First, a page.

Now, it is true that one major difference between North Allston and Kendall Square is that while Kendall has the Red Line, there are only buses running through North Allston: specifically the 66, the 70, and the 86 at this particular site. But there are a lot of similarities too. Not too long ago, Kendall was a largely empty area, like Western Avenue is today. Kendall's development is largely driven by the proximity of MIT. The Allston project is owned and being developed by Harvard University, which intends to make this a center for research. So, the intended demographic picture is pretty similar; and they will be of the younger generation that prefers to walk, bicycle and ride public transportation instead of dealing with the hassles of cars and traffic congestion.

Both Harvard and New Balance, which is peripherally involved, seem to be open to promoting non-car transportation options, and they both certainly have the political weight to see it through. But will Boston work with them, or lag behind? At the last New Brighton Landing meeting, the BTD showed up with a plan to widen Cambridge Street from two lanes of traffic to four, which will make the street leading up to Union Square (Allston) a much more dangerous place than it already is. This plan seems to be an echo of the old, discredited ways of dealing with future traffic projections. But, as the Kendall Square example shows, it is possible to have development and growth without creating more congestion. There is nothing inevitable about it; the transportation choices of the community today will ultimately shape what traffic is like tomorrow. If the community decides to promote wider roads and parking lots, then traffic will increase accordingly. If instead the community decides to promote non-car transportation, then traffic will not increase. It's in our hands.

Wednesday, July 18, 2012

Henny Penny in New Jersey

The sky is falling!
I was in New York last weekend and one of the big stories there was the partial closure of the Alexander Hamilton Bridge -- for much needed repairs -- which handles most of the traffic coming off the George Washington Bridge into New York City and headed east. The media was publishing frenzied articles about the oncoming traffic catastrophe. All the experts and elected officials were wringing their hands in worry.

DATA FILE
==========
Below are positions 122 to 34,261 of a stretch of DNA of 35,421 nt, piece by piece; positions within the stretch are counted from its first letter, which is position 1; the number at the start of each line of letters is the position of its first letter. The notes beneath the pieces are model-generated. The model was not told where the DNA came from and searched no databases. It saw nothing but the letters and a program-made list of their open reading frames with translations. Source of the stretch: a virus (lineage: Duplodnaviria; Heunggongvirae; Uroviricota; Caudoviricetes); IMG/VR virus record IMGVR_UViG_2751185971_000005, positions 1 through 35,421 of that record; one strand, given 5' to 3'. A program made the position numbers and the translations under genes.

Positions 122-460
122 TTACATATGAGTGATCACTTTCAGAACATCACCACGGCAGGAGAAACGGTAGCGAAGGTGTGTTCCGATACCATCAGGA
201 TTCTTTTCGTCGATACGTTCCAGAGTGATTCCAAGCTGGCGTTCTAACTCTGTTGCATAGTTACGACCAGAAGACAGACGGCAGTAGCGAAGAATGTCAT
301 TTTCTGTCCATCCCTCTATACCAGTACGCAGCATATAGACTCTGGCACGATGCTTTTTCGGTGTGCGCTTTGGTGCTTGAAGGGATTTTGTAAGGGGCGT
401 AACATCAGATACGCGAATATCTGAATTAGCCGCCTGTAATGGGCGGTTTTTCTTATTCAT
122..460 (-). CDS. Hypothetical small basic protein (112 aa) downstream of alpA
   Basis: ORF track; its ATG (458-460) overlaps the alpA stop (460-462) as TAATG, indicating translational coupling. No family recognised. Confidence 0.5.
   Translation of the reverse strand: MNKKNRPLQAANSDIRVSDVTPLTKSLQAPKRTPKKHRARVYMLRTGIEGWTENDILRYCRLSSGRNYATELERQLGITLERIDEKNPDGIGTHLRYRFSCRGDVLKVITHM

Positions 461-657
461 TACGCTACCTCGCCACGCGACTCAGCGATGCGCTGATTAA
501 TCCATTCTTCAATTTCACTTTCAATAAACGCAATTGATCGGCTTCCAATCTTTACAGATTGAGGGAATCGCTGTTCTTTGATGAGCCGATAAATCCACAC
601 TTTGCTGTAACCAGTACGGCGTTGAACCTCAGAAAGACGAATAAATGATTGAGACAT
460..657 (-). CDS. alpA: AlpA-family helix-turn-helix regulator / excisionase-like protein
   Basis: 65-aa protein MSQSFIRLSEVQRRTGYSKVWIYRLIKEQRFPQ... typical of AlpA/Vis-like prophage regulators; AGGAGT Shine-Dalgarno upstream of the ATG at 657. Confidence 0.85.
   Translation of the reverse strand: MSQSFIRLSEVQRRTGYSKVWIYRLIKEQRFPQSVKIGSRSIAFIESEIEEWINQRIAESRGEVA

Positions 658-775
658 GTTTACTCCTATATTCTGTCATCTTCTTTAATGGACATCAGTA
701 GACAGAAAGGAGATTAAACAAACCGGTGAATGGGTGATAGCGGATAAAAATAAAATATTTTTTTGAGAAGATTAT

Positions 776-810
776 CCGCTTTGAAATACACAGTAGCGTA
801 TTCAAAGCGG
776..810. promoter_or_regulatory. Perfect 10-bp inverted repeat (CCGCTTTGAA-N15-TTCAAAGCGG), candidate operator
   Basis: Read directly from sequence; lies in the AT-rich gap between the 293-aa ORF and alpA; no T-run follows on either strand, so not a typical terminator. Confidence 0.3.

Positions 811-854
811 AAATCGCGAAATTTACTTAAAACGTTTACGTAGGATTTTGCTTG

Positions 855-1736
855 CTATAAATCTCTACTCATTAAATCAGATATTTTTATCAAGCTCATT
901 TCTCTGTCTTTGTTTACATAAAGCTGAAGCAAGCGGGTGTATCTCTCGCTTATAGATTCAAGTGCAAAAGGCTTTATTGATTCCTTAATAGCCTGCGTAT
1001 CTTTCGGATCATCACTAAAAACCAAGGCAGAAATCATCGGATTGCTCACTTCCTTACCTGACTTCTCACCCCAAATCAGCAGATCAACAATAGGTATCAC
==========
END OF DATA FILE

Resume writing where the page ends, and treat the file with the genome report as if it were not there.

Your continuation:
The Record:
Predictions of hour-long delays and traffic jams extending for more than 5 miles have police in Bergen County towns along Route 95 on the lookout for spillover traffic. While some communities are taking a wait-and-see approach, others say they will stop through-traffic from turning local roads into parking lots.
The New York Post:
Beginning Saturday night, the construction will back up drivers for an average of five miles into New Jersey on three main routes:  
* On I-80, as far west as Hackensack.
* On the New Jersey Turnpike, as far south as the Vince Lombardi Service Area.
* On the Palisades Parkway, as far north as Route 4.
“It’s crazy. You can’t do this to people!” said Paul Constable, 54, of Beacon, a regular GWB user.
Fort Lee Patch:
This summer could be remembered as a traffic hell by the millions of people who travel east over the George Washington Bridge thanks to the closure of a lane on the oft-congested Cross Bronx Expressway from this Friday through Labor Day.
Funny story: it didn't happen. The New York Times:
As of Sunday afternoon, there were no signs of the traffic Armageddon that many predicted when an extensive construction project closed a lane of the Alexander Hamilton Bridge over the Harlem River.
But maybe the baseball game wasn't enough. Monday was the real test to come.
By 7:20 a.m., fears of a gridlocked George Washington Bridge had yet to materialize, with normal delays on the GWB and other Hudson River crossings into New York, said Bob Glantzberg, operations manager for TRANSCOM, the East Coast traffic information clearinghouse. Traffic on those crossings was on par with most Monday mornings, he said. 
Well, maybe everyone was fearing the worst on Monday and avoided the bridge, right? Fort Lee Patch: